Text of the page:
Latest News: BUPA Accused of ‘Cashing In’ on the NHS & Funding Cuts Blamed for Lengthy Hospital Waiting Times in Wales.

Posted By admin - 11th April 2014

BUPABUPA have come under fire this week for ‘bribing’ their customers to use the NHS for complex operations. An anonymous cardiac patient showed a national newspaper a letter he received from the private health care giant offering him a ‘fixed sum amount’ if he decided to use the NHS. The letter explains that the pay-out would ‘take the place of private treatment funding’. The payments being offered by BUPA range from £500 to £2000 depending on the nature of the operation required. Some of these operations can cost up to five times the amount that BUPA is paying out to customers. This means a hefty bill for the NHS whilst BUPA saves the difference between the pay-out and the operation cost.

Patients and doctors alike are outraged at this money saving scheme which is ultimately adding to the burden of an already over stretched NHS. Aside from the monetary aspects, the other issue is that the operations for which BUPA are offering these cash incentives, such as the fitting of a pacemaker, are those which the NHS are not as well equipped to cope with. The shadow health minister Andrew Gwynne described private health companies as ‘cherry picking’ patients and procedures that were most profitable. Labour has called for an investigation into the scale and impact of the scheme. BUPA say that they are not bribing patients but simply ‘offering them a choice’ when it comes to treatment.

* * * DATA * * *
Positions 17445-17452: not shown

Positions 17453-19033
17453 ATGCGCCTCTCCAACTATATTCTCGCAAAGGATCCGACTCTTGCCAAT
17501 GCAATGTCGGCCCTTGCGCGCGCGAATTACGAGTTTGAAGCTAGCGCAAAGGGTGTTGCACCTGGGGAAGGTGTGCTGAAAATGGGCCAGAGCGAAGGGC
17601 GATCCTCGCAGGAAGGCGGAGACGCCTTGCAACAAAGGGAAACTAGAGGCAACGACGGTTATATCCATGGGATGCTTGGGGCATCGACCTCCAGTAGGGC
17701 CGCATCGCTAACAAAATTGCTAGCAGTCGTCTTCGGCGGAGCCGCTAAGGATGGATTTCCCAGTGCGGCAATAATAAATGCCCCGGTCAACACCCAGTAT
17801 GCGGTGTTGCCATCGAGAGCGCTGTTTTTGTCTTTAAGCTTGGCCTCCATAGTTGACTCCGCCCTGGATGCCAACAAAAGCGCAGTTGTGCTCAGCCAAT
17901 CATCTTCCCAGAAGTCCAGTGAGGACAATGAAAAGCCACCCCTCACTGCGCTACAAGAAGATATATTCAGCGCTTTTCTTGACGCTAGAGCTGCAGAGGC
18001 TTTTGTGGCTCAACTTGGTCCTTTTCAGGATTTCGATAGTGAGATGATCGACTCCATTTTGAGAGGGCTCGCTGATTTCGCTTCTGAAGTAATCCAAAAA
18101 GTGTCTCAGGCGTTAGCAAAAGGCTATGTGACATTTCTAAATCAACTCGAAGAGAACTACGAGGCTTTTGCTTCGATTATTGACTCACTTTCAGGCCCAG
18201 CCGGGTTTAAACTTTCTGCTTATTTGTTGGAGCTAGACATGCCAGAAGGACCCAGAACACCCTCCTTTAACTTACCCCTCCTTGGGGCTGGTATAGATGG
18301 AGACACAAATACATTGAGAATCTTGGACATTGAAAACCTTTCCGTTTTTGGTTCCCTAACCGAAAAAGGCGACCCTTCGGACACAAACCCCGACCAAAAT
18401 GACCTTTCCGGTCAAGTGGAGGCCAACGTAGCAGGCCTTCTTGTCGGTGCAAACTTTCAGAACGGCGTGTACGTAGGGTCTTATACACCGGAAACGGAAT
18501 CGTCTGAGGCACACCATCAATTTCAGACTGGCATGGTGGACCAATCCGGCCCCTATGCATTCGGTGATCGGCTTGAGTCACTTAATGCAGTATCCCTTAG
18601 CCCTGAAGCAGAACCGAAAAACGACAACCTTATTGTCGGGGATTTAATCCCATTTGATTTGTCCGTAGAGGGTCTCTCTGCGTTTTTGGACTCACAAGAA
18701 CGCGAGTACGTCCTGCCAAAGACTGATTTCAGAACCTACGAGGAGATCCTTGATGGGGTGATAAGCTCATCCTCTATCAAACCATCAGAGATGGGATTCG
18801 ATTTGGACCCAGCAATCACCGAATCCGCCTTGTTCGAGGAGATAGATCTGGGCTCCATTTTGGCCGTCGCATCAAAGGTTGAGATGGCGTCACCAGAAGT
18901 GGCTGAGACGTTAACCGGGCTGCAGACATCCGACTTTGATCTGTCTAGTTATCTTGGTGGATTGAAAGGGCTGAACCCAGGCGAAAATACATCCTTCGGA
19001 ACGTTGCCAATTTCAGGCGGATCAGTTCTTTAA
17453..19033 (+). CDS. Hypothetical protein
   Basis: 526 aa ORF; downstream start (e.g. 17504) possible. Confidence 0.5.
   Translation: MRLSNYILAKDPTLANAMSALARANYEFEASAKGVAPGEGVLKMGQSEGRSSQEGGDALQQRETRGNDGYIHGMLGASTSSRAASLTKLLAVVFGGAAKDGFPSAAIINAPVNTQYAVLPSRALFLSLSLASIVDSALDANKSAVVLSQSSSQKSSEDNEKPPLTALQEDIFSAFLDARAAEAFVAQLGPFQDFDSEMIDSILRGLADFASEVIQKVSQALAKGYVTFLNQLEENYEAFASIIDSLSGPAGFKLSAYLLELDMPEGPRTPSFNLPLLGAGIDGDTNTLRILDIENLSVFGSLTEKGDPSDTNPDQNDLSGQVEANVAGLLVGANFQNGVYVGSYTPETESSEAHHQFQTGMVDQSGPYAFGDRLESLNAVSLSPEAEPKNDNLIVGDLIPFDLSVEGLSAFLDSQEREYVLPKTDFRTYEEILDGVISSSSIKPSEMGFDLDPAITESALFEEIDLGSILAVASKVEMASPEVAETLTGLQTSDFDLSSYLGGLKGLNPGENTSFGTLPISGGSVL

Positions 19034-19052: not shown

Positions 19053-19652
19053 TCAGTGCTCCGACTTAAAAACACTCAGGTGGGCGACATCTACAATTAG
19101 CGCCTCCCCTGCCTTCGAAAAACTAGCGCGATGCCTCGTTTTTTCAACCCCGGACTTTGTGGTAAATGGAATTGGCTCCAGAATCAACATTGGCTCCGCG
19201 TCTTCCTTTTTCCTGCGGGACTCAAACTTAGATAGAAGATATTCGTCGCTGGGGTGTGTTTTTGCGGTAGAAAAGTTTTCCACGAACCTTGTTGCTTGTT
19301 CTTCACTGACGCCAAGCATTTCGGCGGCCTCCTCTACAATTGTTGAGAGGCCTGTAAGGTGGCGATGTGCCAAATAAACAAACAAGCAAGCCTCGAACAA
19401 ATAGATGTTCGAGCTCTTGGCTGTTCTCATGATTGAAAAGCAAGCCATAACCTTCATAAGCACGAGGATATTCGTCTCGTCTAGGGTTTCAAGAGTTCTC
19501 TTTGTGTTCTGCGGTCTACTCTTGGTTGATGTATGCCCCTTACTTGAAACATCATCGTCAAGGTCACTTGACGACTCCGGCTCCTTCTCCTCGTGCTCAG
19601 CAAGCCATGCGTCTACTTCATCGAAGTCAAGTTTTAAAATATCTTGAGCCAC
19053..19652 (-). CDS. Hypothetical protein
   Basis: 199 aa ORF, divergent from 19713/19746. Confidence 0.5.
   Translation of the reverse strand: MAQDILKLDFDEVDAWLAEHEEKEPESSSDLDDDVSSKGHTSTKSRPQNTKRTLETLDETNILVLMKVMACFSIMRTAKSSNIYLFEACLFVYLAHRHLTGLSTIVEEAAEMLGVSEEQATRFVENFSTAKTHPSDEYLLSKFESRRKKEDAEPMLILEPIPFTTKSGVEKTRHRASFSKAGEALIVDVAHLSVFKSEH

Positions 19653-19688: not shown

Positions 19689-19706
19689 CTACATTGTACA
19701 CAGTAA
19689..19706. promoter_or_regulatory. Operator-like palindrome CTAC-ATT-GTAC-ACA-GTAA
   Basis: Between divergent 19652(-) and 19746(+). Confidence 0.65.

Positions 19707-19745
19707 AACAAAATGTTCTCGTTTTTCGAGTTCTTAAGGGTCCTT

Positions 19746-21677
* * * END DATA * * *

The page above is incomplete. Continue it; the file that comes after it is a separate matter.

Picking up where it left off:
Funding Cuts at Welsh Hospitals Blamed for Longer Waiting Times

A report in which the health services in England, Wales, Northern Ireland and Scotland are compared has suggested that Government funding cuts have caused longer waiting times for Welsh patients. Since 2009 waiting times in Wales have significantly deteriorated with some patients waiting for an average of 170 days for certain operations which are being carried out within an average of 77 days in England. The report has placed these figures alongside national health budgets which saw rise of 1% in England and 2% in Scotland whilst Wales saw a 1% reduction in spending.

The report also found that Wales had the worse response times for emergency ambulance services and the fewest number of full time GP’s per head of population. Critics are blaming these issues on the fact that the Welsh Labour Government did not protect their health budgets back in 2011. On Wednesday the PM commented that Labour had a ‘truly dreadful’ record when it came to public health, even describing the service in Wales as a ‘shambles’.